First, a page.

The other big contenders like Foursquare and Facebook Nearby friends missed the mark by focusing on where we are, not what we want to do and who to do it with. A friend checking in at the bar down the street isn’t an invitation.
Trinh left Path a year and a half ago to start Free. He had realized “I could sit on the couch and browse feeds for hours and it kinda made me sad.” But blindly reaching out to friends to see if they wanted to hangout seemed dorky. That type of communication didn’t fit with the “Success Theater” of Facebook that he’d read about in a New York Times piece by Jenna Wortham. We hide the uncool parts of our lives and only share what will get plenty of likes. He needed to build a new app that didn’t bruise our egos when we desire connection.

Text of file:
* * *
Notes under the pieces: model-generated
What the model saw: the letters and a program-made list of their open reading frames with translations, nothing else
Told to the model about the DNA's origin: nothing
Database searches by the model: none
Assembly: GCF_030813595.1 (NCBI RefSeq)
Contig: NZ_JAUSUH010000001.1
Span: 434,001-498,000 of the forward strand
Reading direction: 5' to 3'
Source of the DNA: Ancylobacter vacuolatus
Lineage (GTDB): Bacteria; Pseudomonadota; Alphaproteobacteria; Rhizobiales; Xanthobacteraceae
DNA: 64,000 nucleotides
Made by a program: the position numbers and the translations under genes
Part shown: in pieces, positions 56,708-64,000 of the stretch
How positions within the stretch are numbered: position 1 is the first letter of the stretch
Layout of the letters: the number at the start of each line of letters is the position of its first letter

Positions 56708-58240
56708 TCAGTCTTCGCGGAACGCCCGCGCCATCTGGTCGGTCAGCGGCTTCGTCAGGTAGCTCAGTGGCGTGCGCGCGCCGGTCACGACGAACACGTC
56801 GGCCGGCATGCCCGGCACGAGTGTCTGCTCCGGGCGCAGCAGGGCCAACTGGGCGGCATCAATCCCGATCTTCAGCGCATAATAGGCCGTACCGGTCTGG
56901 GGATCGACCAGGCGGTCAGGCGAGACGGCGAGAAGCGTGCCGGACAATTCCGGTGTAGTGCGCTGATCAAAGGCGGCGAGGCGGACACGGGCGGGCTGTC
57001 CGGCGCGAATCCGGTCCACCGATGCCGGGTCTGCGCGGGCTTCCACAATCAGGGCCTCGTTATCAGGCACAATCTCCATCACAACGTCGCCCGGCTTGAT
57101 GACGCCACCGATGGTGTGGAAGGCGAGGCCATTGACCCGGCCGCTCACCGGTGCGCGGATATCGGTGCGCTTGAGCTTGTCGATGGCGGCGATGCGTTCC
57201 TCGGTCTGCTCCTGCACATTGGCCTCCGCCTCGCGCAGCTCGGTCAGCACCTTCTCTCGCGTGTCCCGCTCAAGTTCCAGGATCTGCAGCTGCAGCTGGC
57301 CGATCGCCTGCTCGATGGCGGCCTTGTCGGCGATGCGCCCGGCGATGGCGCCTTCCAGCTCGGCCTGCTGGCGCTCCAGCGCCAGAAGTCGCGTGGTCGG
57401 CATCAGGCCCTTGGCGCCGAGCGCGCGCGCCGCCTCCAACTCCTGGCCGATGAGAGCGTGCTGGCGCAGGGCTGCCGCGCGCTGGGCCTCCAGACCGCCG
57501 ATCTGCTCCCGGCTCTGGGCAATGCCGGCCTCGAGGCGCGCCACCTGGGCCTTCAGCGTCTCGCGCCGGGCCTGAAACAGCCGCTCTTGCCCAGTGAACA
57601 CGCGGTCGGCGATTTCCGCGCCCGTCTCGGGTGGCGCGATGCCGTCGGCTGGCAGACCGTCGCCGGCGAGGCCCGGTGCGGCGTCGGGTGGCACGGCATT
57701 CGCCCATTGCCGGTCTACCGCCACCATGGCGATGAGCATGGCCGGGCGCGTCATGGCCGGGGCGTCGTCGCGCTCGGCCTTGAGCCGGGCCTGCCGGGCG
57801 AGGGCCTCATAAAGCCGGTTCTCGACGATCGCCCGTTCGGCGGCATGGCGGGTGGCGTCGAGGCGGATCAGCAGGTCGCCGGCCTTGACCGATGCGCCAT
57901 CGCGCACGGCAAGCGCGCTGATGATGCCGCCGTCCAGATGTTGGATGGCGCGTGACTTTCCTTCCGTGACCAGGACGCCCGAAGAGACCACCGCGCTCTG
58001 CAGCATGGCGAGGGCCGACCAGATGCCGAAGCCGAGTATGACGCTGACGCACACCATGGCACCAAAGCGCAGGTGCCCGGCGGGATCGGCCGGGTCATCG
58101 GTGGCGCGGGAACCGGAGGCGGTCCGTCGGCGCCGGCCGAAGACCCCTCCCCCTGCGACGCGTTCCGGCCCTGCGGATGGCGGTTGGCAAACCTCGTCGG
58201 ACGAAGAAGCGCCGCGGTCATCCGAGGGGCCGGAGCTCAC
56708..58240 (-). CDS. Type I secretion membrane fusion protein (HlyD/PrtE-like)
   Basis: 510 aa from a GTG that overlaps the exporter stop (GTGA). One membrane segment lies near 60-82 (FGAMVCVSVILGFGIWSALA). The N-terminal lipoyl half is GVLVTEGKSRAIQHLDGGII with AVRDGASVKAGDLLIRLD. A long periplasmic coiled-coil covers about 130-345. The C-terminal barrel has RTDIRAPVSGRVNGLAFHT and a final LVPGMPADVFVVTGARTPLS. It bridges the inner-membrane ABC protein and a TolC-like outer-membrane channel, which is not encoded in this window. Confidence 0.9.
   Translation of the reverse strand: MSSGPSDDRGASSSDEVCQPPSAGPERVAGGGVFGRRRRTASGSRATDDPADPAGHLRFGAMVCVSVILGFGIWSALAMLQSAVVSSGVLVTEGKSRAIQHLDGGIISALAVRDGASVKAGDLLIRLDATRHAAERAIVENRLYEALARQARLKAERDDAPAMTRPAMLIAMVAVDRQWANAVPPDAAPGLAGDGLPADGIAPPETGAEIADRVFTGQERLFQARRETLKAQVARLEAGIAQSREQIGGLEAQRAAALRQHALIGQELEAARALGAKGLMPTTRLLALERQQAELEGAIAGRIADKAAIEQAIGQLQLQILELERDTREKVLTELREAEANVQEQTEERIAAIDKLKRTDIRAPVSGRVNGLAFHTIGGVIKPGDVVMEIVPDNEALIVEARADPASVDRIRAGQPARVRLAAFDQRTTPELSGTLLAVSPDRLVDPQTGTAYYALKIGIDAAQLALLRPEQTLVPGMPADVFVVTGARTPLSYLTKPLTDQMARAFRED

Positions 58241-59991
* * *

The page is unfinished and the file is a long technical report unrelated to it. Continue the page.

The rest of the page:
“Steve Jobs said the computer is the bicycle for the mind” Trinh tells me. “I wanted social bicycle, the thing that made the manual, tedious process of finding friends and getting them together way more efficient.” So Trinh poached an old colleague from Digg, Kelvin Kakugawa, away from his job at Goldman Sachs and they started relentlessly iterating on the idea for Free. After several scrapped versions, today it’s ready for the public.
How To Get Free
The core of Free is a cartoony status composer that lets you say that you’re Going Out, Flexible, or Busy. You can also add some text, a location, time frame, or tag friends to suggest what you might do together. These statuses go into Free’s feed that you can quickly flick through to all your friends’ plans, and disappear the next morning. And you can kill off your status at any time if plans change.
If you say you’re Going Out or Flexible, a push notification will go to friends in your current city that you added through your phone contacts or Twitter. If you want to do something more private, you can choose to notify just a subset of your friends, or mute the status so people don’t get pinged and will only see it in the Free feed. Anyone who’s Busy won’t be bothered so they don’t get FOMO.